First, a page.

Did you know that MongoDB has a Realm SDK for the Unity game development framework that makes working with game data effortless? The Realm SDK is currently an alpha release, but you can already start using it to build persistence into your cross platform gaming projects.

A few weeks ago I streamed about and wrote about creating an infinite runner type game using Unity and the Realm SDK for Unity. Realm was used for storing the score between scenes and sessions within the game.

There were a lot of deep topics in the infinite runner (think Temple Run or Subway Surfer) example, so I wanted to take a step back. In this tutorial, we’re going to spend less time making an interesting game and more time including and using Realm within a Unity project.

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Build an Infinite Runner Game with Unity and the Realm Unity SDK

Did you know that MongoDB has a Realm SDK for the Unity game development framework that makes working with game data effortless? It’s currently an alpha release, but you can already start using it to build persistence into your cross platform gaming projects.

A popular game template for the past few years has been in infinite runner style games. Games such as Temple Run and Subway Surfers have had many competitors, each with their own spin on the subject. If you’re unfamiliar with the infinite runner concept, the idea is that you have a player that can move horizontally to fixed positions. As the game progresses, obstacles and rewards enter the scene. The player must dodge or obtain depending on the object and this happens until the player collides with an obstacle. As time progresses, the game generally speeds up to make things more difficult.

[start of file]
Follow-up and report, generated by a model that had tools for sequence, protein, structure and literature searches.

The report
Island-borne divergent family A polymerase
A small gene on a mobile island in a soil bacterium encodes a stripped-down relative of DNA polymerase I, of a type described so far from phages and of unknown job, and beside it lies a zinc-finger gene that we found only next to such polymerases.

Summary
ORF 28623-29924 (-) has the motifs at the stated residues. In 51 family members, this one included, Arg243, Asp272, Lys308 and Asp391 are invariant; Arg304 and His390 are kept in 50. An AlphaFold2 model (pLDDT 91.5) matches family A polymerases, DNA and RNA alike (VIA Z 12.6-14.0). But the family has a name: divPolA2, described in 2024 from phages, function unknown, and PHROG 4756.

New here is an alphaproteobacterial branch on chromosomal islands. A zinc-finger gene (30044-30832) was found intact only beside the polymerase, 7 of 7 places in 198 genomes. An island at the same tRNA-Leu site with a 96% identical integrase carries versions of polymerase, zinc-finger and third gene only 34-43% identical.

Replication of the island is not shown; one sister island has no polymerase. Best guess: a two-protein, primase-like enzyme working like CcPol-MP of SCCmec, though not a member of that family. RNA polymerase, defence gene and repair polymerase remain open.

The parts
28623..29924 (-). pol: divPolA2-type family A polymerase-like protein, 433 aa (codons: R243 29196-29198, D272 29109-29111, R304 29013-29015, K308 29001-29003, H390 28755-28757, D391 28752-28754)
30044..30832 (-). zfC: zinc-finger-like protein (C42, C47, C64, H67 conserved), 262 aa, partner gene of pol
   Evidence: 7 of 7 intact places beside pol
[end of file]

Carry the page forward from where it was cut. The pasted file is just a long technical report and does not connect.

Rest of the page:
While the game might sound complicated, there’s actually a lot of repetition.

In this tutorial, we’ll look at how to create our own infinite runner game with Unity and C#. We’ll look at important concepts such as object pooling and collision, as well as data persistence using the Realm SDK for Unity.

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Update Array Elements in a Document with MQL Positional Operators

MongoDB offers a rich query language that’s great for create, read, update, and delete operations as well as complex multi-stage aggregation pipelines. There are many ways to model your data within MongoDB and regardless of how it looks, the MongoDB Query Language (MQL) has you covered.

One of the lesser recognized but extremely valuable features of MQL is in the positional operators that you’d find in an update operation.

Let’s say that you have a document and inside that document, you have an array of objects. You need to update one or more of those objects in the array, but you don’t want to replace the array or append to it. This is where a positional operator might be valuable.

In this tutorial, we’re going to look at a few examples that would benefit from a positional operator within MongoDB.

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Zap, Tweet, and Repeat! How to Use Zapier with MongoDB

I’m a huge fan of automation when the scenario allows for it. Maybe you need to keep track of guest information when they RSVP to your event, or maybe you need to monitor and react to feeds of data. These are two of many possible scenarios where you probably wouldn’t want to do things manually.

There are quite a few tools that are designed to automate your life. Some of the popular tools include IFTTT, Zapier, and Automate. The idea behind these services is that given a trigger, you can do a series of events.

In this tutorial, we’re going to see how to collect Twitter data with Zapier, store it in MongoDB using a Realm webhook function, and then run aggregations on it using the MongoDB query language (MQL).